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When the best evidence isn’t necessarily good evidence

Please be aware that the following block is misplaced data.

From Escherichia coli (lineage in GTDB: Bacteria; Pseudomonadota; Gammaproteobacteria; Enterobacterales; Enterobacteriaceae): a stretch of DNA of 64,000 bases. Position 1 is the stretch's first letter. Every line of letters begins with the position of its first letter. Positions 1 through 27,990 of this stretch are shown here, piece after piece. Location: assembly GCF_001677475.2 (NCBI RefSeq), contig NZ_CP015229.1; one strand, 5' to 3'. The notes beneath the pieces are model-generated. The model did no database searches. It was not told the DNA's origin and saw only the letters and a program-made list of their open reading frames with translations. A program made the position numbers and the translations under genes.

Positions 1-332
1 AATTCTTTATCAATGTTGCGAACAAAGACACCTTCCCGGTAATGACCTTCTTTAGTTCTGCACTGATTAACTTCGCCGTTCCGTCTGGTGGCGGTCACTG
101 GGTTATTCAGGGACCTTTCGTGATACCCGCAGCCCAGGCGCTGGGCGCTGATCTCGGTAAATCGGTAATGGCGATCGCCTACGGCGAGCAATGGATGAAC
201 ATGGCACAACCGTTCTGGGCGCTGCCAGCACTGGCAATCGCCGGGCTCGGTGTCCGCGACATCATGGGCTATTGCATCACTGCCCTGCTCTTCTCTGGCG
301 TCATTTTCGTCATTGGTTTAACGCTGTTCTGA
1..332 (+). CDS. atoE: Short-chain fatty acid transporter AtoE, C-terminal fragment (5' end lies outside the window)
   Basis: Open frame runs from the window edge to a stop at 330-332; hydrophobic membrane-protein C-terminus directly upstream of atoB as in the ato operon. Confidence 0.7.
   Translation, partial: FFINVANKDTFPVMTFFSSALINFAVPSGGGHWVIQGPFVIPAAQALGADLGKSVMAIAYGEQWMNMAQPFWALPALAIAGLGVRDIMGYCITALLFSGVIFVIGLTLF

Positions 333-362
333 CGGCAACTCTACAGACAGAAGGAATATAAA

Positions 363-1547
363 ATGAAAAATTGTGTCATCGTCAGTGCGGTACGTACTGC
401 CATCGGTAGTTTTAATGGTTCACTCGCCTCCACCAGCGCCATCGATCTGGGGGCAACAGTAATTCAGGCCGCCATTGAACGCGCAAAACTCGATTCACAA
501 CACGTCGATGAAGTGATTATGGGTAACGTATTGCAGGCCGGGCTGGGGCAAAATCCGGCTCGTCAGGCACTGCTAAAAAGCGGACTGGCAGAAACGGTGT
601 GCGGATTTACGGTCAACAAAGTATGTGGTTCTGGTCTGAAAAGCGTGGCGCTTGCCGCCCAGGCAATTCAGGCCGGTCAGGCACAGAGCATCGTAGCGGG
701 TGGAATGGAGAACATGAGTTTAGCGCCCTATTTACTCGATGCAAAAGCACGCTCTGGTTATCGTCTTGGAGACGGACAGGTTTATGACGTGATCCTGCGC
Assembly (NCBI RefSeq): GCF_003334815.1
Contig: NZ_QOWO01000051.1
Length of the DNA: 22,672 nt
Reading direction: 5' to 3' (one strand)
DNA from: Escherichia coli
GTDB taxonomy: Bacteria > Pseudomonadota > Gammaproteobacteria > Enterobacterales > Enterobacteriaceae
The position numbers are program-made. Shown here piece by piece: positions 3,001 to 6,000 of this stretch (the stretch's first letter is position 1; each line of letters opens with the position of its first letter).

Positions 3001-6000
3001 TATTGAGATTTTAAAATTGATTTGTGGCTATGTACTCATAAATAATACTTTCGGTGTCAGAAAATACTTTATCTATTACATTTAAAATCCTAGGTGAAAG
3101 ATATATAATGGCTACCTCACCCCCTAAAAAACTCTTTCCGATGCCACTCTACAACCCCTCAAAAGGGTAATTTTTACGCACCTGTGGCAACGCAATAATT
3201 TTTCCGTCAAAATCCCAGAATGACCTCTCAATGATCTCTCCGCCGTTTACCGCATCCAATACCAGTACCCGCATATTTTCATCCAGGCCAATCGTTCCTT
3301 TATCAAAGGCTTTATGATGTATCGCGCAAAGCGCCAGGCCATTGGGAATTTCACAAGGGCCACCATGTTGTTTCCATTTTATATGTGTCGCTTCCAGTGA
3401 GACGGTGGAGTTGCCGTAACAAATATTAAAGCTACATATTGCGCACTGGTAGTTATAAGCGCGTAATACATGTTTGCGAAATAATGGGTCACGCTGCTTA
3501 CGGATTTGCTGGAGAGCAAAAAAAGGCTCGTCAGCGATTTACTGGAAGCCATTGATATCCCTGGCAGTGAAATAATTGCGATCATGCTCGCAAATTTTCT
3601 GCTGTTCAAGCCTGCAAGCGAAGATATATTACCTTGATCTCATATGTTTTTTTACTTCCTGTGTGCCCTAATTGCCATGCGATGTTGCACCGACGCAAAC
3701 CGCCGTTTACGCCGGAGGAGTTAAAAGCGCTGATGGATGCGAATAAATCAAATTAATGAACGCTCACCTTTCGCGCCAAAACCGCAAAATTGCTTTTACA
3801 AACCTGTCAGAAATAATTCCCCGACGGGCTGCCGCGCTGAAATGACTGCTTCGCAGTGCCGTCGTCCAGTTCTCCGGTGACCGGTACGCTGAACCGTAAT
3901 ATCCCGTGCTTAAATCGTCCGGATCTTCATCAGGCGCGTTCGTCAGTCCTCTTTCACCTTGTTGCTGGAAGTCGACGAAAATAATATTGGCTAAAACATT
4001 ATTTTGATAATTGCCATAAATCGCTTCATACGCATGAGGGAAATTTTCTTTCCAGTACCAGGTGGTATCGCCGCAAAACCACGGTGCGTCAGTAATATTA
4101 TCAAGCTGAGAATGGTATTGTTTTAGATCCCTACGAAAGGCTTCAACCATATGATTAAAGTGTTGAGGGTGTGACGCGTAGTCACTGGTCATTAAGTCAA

There is a lot of general evidence about the effect of diet on our overall health, but when you start to look at the details, everything becomes more vague. Very few randomized prospective trials lasting for more than a year have been done, and breaking down the lessons they provide is not easy. What is more problematic, however, is combining evidence from different studies into general dietary guidelines. A quick review of past and present recommendations shows the difficulty; for example, recommendations about the amount and types of fats and carbohydrates for our diet have varied quite a bit.  These are the problems faced by people using the mixtures of available evidence to make national recommendations about diet. An article released today in JAMA, the Journal of the American Medical Association stretches the evidence even further. They attempt to quantify the number of deaths that could be avoided by changing ten different dietary habits. Even with the use of “a comparative risk assessment modeling design” to estimate mortality, I don’t find these types of calculations informative or believable. Just because your are using the latest data and the best available techniques does not mean that the output will be reliable. I worry that articles like this presenting inaccurate predictions about saving hundreds of thousands of lives will undermine the impact of other reports that are more reasoned and less speculative.

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